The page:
NUART PRESENTS #MISSIONDIRECTIVES
Want to contribute to Nuart's #missiondirectives public art project? Send us your artwork in a sealable, waterproof bag (approx. 22cm x 15cm) and we will add it to our on-going open air gallery. Address: Nuart Festival, Nytorget 17, 4013 Stavanger, Norway.
Nuart and the Bergen-based artist Nipper present Mission Directives – a series of small scale installations that promote the sharing economy, creativity and citizen-led communication in public space.
Mission Directives will create an alternative zone for communication through the installation of over 30 temporary artworks in and around Stavanger.
By questioning who has the power and authority to communicate messages and create meaning in our shared spaces, and the public’s relationship to their urban environment, Mission Directives becomes part of a broader conversation of social significance.
Each of Nipper’s 30+ Mission Directives comes in one of the following three forms:
1. Gift : an artwork for the finder to take with them*
2. Special Order : a Gift for the finder to take with them along with instructions to perform a specific artistic action in public space
3. Special Invitation : a Gift for the finder to take with them along with an invitation to make a new Mission Directive using the materials provided (marker pen, spray paint, acrylic, pencil, paper and/or stencil)
* Please give others a chance to take and enjoy the artwork if you have already found one of the Mission Directives in and around Stavanger.
Nipper has collaborated with artists from USA, Portugal, Italy, Sweden and Norway to produce the series of original drawings, paintings, stencils, collages and zines that form Mission Directives. This collaborative approach mirrors Nipper’s ambitions for the project to encourage others to engage with their urban environment in a creative and playful manner.
John XC (UK)
Mission Directives is part of Nuart Festival’s wider goal to help redefine how we experience art: to bring art out of museums, galleries and public institutions onto the city streets. Central to this goal is the belief that art should be a part of peoples everyday lives.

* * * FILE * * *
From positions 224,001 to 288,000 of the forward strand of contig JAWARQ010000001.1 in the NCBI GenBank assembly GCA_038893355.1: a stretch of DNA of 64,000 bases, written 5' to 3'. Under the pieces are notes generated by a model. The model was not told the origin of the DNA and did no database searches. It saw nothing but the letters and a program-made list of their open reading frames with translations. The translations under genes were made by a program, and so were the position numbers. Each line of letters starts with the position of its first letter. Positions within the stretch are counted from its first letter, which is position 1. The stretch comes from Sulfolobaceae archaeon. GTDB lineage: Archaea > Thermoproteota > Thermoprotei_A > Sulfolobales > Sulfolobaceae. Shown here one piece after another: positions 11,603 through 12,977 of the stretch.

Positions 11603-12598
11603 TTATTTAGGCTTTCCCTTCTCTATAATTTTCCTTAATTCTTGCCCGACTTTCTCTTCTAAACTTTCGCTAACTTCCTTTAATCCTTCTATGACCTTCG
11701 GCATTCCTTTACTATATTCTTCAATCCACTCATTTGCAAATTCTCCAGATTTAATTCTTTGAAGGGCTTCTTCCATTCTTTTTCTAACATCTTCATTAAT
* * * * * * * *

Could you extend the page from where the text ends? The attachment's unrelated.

Psychogeography and new urbanism
The concept of psychogeography was first developed in the streets of Paris in the late 1950s by the Letterist International, which later became the Situationist International.
It has been used in various incarnations by geographers, architects, and artists as a method that embraces breaking routine to explore or ‘drift’ through public space and experience the urban environment in new and novel ways.
Psychogeography mirrors the ways in which graffiti and street artists navigate the city and, ultimately, provides a heightened awareness and perception of one’s surroundings.
The popularity of smartphones, tablets and social media platforms has opened up new opportunities for people to gain access to and interact with art and culture at any given location.
The hashtag #missiondirectives will provide hints to the locations of some of Nipper’s 30+ artworks, which will be situated in three key areas of the city: Storhaug in the east part of the city, Stavanger city centre, and along Pedersgata (the main artery that connects the two).